I now know how hard it is to make a short film. I know the feeling of being overwhelmed at the enormity of the project. In the early stages, when building the sets, I was halfway excited by the ideas still, and halfway terrified of all the unknowns that were ahead of me. The first two months of set-building and prop-making were easy peasy — I know what I’m doing when it comes to making stuff by hand, and painting little things, and planning and designing. No problem! The days flew by, and I got lots of stuff done. But as I ventured into any sort of new territory, like puppetmaking, and eventually lighting, the doubting started. What if I can’t do it? How will I know how to do such-and-such? And this is just the beginning… look at all there is left to do after that, so many more things I’ve never done before. Panic! Abort mission! Let it drift away! Go back to designing endtags for Product X! Forget this artistic stuff, it’s too hard! And where’s the reward? Every day I panic and worry and sweat and I’m not even getting paid! It’ll never get finished anyway. Every day, there were more and more doubts.
I really don’t know how I stuck to it. I’m not even really the sort of person who always finishes every project I start. I have many unfinished paintings. I have unfinished books, outlines for novels, screenplays, series of poems that have just died away.
A few things blossomed for me while working on this film. The concept of just doing a little bit every day, and not thinking about the big picture all that often, really helped. I learned that from my partner O, who realized halfway through his years and years of education that he didn’t want to stay in the world of academia. How many people start PhDs and actually finish them? All that work, meanwhile knowing that it isn’t going to be the right path? Well, somehow he did. Plus, he finishes books that he starts, pretty much every single one, even if he realizes on page 5 that the writing is horrendous or that he can’t stand the main character. I mean, conceptually I can say that I get it, I know to take it a single, small step at a time and just do the best I can, but it really took making this film to learn how to actually do that. How to not get overwhelmed and panic and give up.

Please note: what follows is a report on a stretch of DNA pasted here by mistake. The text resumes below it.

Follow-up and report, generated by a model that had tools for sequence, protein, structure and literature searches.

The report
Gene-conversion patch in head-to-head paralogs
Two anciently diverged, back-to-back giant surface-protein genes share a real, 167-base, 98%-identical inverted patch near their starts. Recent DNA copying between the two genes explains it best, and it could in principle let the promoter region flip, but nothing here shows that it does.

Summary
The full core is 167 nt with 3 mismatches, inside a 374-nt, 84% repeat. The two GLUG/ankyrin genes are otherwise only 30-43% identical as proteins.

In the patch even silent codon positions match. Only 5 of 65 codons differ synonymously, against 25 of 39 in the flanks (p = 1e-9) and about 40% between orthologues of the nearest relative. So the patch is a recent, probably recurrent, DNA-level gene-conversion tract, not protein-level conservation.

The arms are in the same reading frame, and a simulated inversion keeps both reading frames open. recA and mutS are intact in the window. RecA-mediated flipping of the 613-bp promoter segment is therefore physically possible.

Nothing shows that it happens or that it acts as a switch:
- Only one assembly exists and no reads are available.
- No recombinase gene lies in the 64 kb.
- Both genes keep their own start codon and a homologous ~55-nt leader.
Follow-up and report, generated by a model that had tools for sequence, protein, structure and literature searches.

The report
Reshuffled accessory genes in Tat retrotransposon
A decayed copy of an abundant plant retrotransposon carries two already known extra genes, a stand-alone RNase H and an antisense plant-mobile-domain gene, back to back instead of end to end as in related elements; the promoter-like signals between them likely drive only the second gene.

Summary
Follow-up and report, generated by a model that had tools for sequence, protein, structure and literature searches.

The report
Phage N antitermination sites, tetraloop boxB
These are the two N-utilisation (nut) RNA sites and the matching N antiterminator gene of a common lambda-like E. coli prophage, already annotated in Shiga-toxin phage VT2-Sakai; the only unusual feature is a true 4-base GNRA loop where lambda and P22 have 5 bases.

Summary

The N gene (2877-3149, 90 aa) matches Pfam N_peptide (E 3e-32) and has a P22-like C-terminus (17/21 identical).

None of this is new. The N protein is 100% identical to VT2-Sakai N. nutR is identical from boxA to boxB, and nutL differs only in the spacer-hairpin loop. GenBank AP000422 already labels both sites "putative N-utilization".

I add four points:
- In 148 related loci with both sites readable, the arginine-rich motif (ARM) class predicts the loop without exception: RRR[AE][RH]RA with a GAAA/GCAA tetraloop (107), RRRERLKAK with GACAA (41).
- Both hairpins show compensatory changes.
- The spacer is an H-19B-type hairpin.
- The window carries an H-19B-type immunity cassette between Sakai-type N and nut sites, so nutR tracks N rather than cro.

I also learned how to ask for help. I usually dive right in to any foreign element of a project, with the idea that I can figure it out myself… But a project of this size simply can’t be done alone. So I am indebted to a lot of people, and grateful for a lot of talented offerings that came along. Sometimes such offerings were in response the desperate cries for help that came out of my mouth, against my usual stubborn working-solo nature. But sometimes people just offered to help, in any way they could, out of nowhere. So I learned, as well, a sense of grace and generous creative spirit, that I intend to keep alive for others.
So, I’ve written a little essay here… Obviously I have more time on my hands for blogging, now that the film is finished… Ironic? Appropriate? You decide.
A big, giant, ginormous thank you to you, and you and you. I’m so happy to have completed this project, and so happy to be feeling so good about it. I owe this happiness to a lot of people… So, thank you!
(BTW… I know I have to get back to the working world, back to design, which I obviously enjoy as well… but I’m also starting to plan the next short film, to be worked on during my down time. So it’s addictive, this filmmaking thing.
Also… going to try and show Little Theatres in some festivals — this is why I haven’t shown too much final footage here. It’s only a 3 minute film, so every second counts! I will, however, show off a few stills, as you can see in this post… though they may be somewhat familiar already…)
I will keep you posted here on festivals, the process of applying for them, whether or not it will be showing at any of them; as well as on any sort of website or trailer that will emerge in the near future. And of course when it’s airing on Bravo! I’ll be spreading the word about that, too.